Teri walked quietly to her desk, dodging a minefield of books, bags, and feet stuck out into the aisle. Emily was sitting right in her path, her blue eyes amused under her perfect blonde bangs. As Teri passed her, the popular girl snickered.
Somehow Emily filled her quiet whisper with a heaping pile of scorn. Dr. Fiedler coughed and turned to Teri. Emily was completely focused on her test, scribbling away. Teri had no choice but to sit down and start working.
She felt like a wilted flower as her spine bent and shoulders drooped. The test was a solid wall of ink. Question after question filled each page, crammed with symbols and five and six syllable words. All the other chemistry teachers made tests with practice questions from the end of the year state exam, but not Dr. Fiedler. That would be too easy. He wrote all his own test questions. Those unfortunate students who lost the draw and got stuck in Fiedler’s class resigned themselves to a year of bad grades.
The doctor had only started teaching here last year, but his reputation had become legend after his first unit test. Teri had talked to two guidance counselors about switching, but she’d been shut down each time. She slogged through the first page of the test, guessing on at least half the questions. Glancing at the clock, she saw the minute hand was racing around toward the end of the period. The seven minutes she’d lost coming in late had multiplied. Her eyes flicked over to her classmates’ papers and most were on page four.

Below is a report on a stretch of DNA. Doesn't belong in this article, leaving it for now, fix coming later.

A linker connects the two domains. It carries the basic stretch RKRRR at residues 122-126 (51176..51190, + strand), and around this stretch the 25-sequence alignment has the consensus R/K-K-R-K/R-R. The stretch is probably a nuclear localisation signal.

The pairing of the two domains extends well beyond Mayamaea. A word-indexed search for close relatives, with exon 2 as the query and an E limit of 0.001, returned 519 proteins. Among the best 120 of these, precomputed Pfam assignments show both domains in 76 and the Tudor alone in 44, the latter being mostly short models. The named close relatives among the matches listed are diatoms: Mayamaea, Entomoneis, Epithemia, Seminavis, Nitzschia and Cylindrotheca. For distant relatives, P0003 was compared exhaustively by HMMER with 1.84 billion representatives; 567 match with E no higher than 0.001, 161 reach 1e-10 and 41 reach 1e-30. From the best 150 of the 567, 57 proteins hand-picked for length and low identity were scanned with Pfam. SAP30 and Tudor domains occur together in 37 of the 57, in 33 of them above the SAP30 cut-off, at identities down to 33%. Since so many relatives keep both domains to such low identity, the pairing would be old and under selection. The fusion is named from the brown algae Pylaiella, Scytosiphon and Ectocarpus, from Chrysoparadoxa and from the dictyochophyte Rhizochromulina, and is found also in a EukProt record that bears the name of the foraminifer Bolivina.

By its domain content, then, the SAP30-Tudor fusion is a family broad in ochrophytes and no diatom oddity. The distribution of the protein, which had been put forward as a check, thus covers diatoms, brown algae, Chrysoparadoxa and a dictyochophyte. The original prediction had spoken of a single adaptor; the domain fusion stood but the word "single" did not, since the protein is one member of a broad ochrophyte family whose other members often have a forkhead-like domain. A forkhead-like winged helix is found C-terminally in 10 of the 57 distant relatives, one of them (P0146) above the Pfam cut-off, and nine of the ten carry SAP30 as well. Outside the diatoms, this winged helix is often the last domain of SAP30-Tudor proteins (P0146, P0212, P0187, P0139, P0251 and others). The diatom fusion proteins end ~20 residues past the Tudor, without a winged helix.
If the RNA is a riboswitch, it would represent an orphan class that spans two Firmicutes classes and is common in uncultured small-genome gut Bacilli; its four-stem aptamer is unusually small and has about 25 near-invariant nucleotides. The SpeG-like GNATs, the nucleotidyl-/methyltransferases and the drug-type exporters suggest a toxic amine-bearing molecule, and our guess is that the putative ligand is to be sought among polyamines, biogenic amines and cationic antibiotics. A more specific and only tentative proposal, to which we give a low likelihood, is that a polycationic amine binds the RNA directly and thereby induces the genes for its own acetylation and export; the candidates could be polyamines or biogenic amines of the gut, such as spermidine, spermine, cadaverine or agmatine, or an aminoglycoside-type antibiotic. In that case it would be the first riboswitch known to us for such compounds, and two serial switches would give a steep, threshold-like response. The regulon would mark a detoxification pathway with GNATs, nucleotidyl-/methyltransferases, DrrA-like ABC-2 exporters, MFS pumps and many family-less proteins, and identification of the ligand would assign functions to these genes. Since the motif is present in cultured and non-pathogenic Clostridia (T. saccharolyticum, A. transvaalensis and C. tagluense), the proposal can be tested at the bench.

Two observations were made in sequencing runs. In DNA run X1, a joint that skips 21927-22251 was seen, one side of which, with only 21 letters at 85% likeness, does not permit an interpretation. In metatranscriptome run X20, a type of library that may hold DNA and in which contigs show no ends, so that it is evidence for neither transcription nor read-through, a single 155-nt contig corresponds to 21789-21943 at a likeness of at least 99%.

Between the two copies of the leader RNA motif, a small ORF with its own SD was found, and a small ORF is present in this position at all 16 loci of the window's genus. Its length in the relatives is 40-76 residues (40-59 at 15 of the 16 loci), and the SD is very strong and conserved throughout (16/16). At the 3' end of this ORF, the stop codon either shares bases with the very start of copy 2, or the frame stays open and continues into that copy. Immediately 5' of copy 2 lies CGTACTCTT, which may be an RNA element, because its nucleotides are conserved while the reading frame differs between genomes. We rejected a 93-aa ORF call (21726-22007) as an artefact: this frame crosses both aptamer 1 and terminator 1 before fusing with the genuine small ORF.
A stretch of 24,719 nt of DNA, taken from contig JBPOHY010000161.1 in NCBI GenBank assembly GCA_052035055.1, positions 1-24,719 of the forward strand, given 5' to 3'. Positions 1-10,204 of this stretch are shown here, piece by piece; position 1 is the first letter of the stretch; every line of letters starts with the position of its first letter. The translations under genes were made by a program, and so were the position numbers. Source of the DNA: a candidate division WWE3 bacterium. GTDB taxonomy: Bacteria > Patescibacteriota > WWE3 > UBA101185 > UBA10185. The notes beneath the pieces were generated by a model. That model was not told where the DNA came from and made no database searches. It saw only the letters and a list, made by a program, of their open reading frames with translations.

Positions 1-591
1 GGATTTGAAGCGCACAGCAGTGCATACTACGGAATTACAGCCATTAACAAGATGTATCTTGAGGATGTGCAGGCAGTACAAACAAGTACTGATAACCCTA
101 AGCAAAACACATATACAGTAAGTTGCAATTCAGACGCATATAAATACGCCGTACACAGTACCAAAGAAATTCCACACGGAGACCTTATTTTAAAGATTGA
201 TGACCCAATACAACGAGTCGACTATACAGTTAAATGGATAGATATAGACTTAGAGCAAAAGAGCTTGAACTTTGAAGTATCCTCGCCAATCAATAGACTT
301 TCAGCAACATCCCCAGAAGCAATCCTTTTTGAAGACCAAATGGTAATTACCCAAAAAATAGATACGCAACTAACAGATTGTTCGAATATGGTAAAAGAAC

With only fifteen minutes left, Teri started to panic. She crawled through the second page and dragged herself onto the third. She was answering the second question on the fourth page when the bell rang. The rest of the class filed out, putting their papers on the teacher’s desk. As the last student left and the door closed behind him, Teri could hear Dr. Fiedler tapping away with his pencil. Giving up completely, she just guessed for the last four questions and then threw the test at the doctor on her way out the door, unable to look him in the eye.
“You look like crap.”
Morgan was waiting outside the classroom, despite the rapidly approaching bell. She slipped an arm around Teri and started pulling her toward the stairwell.
“Scratch that, now you look like a lost puppy.”
Teri tried to smooth out her expression. She wasn’t looking for sympathy, and she didn’t want to show weakness in the hall. Emily and company were like a school of piranhas.
“I’m fine, well other than that test I just bombed.”
“I think I might’ve mixed up ions and isotopes,” Morgan said. “Which ones gain and lose electrons?”
“Those are ions.”
“Darn. He needs to actually teach instead of lecturing all class.”
“I’m going to have to listen to my parents lecture once five week grades come in.”
“My mom went to parent teacher conferences and met Fiedler, so she doesn’t give me grief about my chem grade.”
“Guess he’s that bad with everyone,” Teri said.
“I heard even Principal Andrews is scared of him.”